This page looks best with JavaScript enabled

SATA vs SAS vs NVMe Performance Breakdown

 ·  ☕ 3 min read  ·  ✍️ Chris Titus

This is a quick breakdown of the differences between SATA vs SAS vs NVMe. After looking at the performance below, you will be able to decide which one best suits your needs.

  • SATA (Serial Advanced Technology Advancement)
    * Most common
    * Least reliable
    * Slow
    * 5400 – 7200 RPM Hard Drives
    * Half duplex (Can’t read and write simultaneously)
    * 6 GB/s connection
    * Cheap (1 TB  SSD $150)
    • SAS (Serial Attached Storage)
      • Commonplace in data centers
      • Very reliable
        • Error checking is built-in
      • Fast
        • 15k RPM Hard Drives
        • Full Duplex (Simultaneous read and write)
        • 12 GB/s connection
      • Expensive (800 GB SSD $600) – Pretty much enterprise only
    • NVMe (Non-Volatile Memory Express)
      • Common in new PC builds, common in data center SANs for cache on tiered storage.
      • Reliable
      • Fastest
        • 16-32 GB/s connection when directly plugged into PCIe
        • 12 GB/s connection still applies when hot-swapped via SAS connection
        • Full Duplex
        • Higher Bandwidth (Able to process the most at one time)
      • Expensive (1 TB Residential $300-$400 | 1.2 TB Enterprise $1200)

No real surprises here but having it bullet-pointed makes the comparison very easy. I hope this helps those trying to decide on what to buy and typical performance you can expect from it.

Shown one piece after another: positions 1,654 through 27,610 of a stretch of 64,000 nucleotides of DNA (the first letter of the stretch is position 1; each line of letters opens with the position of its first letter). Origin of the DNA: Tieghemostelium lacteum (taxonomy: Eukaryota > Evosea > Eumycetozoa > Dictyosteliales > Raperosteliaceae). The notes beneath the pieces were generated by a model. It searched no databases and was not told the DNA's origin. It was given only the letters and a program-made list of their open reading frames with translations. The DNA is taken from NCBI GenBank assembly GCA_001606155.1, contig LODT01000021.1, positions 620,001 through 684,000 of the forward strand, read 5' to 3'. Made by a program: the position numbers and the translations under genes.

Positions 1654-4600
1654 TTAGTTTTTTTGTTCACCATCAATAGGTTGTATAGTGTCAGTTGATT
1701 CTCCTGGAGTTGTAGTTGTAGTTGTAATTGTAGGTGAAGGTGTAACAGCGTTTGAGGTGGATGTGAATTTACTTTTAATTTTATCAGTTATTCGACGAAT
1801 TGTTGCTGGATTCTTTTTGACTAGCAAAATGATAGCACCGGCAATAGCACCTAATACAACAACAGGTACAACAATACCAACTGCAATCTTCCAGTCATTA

nvmevssata-pic

SATA vs SAS vs NVMe | Performance Winner: NVMe

SATA vs SAS vs NVMe | Budget Winner: SATA

What about SAS? Well, in enterprise environments you see this very often with pretty much every tiered storage device having it. Most of what is on the market today is a mixture of SAS and NVMe for business. These hybrid drives are crazy expensive but give system administrators the ability to claim some of the speed from NVMe without purchasing entirely new devices. While this may seem trivial when you are talking thousands of dollars, this becomes a budget issue. SAS also has the error checking built into the interface, which in turn, gives greater reliability in theory. Personally, I think the future enterprise devices will have some type of new connector or housing that will make NVMe devices hot-swappable without the 12 GB/s SAS limitation. That said, we aren’t quite there yet, and the prevalence of SAS in enterprise space will continue.

By doing this you allow all traffic inbound to this computer, consequently, all outbound traffic is already allowed by default. Therefore, certain programs and services that depend on windows firewall can function properly. In conclusion, this is a far superior way of disabling the built-in firewall in windows without affecting other programs.

Contact Me

I live stream on Chris Titus Tech YouTube Channel every Friday at 10 AM CST and archive clips to Titus Tech Talk. I also regularly publish to christitus.com, but if you’d like to contact me directly or want to contribute to help keep these articles and videos being made consider joining the CTT members.

Two Memberships exist:

  • ChrisTitus.com Members Section (CC Only)
    • Full Archive of All Unlisted Live Streams
    • Direct Members Only Email
    • Monthly Members Only Video
    • Starting at $2 Per Month (100% of Proceeds goes to Chris Titus Tech)
  • YouTube Chris Titus Tech Membership (All Payments Accepted)
    • YouTube Emojis for Comments and Live Chat
    • YouTube Badges that changes based on membership time for comments and chat.
    • All YouTube comments are highlighted when I review comments daily.
    • Immediate Access to Full Live Streams
    • $4.99 Per Month (70% of the Proceeds goes to Chris Titus Tech)
Share on

Chris Titus
WRITTEN BY
Chris Titus
Tech Content Creator